Kristin Kohn: Silver/At Home in the City 

When she moved to Indy in 1997,"Something that I struggled with and wanted to change was the identity of Indianapolis as a city of chain businesses," says Kristen Kohn, owner of the popular Massachusetts Avenue boutiques Silver in the City/At Home in the City and Nurture. She is a local business advocate and believes that the "fun and funky" Massachusetts Avenue corridor "shows a better image of what Indianapolis is all about. We've got our own unique beat." Kohn's hip stores add a unique touch to the strip, but her biggest contribution has been rallying other Massachusetts Avenue business owners to develop a distinctive and unified cultural destination.

From the beginning, Kohn saw Massachusetts Avenue's strength in its people. She helped to establish the Massachusetts Avenue Merchant's Association, and has been a leader in its growth from five to 80 members. The group's unification projects include producing a map and planning special events that encourage visitors to explore the entire street. MAMA also collaborates with other groups that have an interest in the area. Many are concerned with area development issues like neighborhood planning and tourism marketing, and Kohn has worked closely with these groups.

Kohn is also able to promote her own passion for eco-friendliness through a MAMA/Keep Indianapolis Beautiful partnership. She spearheaded a project to bring recycling bins to the avenue, including a successful fund raiser that sold reusable shopping totes. Kohn thinks the project can serve as a model for public/private partnerships in other neighborhoods. Next on her agenda is procuring a community cardboard recycle bin. Already, Kohn fills her car weekly with cardboard to recycle; she also typically bikes or walks to work, bought a bike for employees to run errands with and gives a discount for shoppers with reusable bags from her store. "Doing it yourself is great, and encouraging others is even better," says Kohn, who promotes these practices to other Massachusetts Avenue businesses.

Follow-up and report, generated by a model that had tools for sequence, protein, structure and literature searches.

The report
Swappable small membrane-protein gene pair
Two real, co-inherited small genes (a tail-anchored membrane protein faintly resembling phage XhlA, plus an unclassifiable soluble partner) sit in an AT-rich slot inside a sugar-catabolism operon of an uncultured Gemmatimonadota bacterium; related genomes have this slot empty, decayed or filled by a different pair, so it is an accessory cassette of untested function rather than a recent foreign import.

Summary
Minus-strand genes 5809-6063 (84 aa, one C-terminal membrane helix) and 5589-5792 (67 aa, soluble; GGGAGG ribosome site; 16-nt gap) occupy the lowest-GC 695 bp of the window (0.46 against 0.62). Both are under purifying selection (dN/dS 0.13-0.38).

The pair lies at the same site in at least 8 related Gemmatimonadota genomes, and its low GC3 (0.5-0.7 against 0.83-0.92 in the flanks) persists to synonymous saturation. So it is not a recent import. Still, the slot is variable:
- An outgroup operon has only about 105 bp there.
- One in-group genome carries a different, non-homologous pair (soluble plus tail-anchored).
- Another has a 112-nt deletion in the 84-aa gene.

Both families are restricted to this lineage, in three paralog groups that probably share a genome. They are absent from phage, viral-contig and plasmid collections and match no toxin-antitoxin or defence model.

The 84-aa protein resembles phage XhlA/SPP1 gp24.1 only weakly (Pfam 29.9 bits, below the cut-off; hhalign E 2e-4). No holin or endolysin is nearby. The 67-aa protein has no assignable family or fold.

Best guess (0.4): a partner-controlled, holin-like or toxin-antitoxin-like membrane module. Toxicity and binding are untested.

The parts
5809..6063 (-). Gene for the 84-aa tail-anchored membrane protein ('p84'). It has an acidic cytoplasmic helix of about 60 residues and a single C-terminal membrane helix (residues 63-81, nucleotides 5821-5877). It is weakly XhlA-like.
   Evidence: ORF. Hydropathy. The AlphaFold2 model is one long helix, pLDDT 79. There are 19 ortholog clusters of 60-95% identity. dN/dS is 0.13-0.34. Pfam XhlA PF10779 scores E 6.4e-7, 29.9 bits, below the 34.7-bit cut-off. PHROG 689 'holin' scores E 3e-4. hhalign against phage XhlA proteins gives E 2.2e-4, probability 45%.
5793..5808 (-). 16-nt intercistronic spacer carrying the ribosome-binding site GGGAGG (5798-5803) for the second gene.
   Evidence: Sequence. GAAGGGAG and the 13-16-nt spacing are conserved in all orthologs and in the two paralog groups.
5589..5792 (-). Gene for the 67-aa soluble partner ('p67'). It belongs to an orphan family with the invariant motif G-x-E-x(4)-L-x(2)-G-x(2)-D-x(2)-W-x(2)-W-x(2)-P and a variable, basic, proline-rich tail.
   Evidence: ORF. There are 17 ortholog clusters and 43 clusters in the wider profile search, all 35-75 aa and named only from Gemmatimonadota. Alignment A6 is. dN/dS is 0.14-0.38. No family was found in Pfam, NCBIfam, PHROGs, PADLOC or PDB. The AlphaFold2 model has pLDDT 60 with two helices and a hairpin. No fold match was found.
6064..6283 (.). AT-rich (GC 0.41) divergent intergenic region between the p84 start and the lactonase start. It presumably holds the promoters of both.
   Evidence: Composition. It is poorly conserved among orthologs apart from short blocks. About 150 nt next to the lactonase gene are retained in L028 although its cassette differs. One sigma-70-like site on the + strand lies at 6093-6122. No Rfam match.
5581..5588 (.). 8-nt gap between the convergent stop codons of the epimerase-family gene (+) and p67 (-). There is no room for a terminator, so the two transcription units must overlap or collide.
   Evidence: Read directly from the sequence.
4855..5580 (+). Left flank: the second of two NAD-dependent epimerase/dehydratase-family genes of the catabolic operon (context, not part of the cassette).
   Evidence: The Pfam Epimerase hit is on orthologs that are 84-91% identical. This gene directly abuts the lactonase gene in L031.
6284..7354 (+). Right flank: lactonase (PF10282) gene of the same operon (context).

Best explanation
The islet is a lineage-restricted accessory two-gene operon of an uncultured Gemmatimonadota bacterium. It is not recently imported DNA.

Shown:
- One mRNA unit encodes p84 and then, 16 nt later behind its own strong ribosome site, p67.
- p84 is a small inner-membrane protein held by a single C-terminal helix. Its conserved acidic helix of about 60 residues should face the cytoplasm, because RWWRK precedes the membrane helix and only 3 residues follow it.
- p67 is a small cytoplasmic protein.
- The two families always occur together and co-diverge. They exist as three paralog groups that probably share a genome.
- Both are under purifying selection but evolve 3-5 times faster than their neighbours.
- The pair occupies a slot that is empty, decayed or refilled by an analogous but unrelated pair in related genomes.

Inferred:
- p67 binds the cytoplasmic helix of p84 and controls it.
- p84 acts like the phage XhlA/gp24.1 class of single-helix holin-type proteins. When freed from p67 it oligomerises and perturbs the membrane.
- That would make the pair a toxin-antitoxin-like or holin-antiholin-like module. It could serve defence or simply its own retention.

She has time for community involvement because her businesses run smoothly. Kohn attributes her success to unique, reasonably priced products and a welcoming atmosphere. She treats her employees as her peers, appreciating their individuality and encouraging them to bond. Employee Maya Worman says, "We are all provided with insurance, a very generous pay rate and a comforting work environment," and believes that Kohn sets new standards for generosity in business.

Kohn shares the businesses' success with her team as well as the many local charities she supports. "I love being a small part of something larger," Kohn says.

Kohn's investment in the community infuses both her business and personal life. The farthest she's ever lived from Massachusetts Avenue is 13 blocks, and she spends free time with her kids visiting the other shops. "I don't think I've ever felt as much a part of the community as I do here," Kohn says. Although she never expected to get involved in city planning or environmental leadership, she is now a fixture of the Massachusetts Avenue community she's worked to build. "Fifteen years ago I wouldn't have thought I would want to settle down in Indianapolis," she says, "but now there's no other place I could think of calling home."

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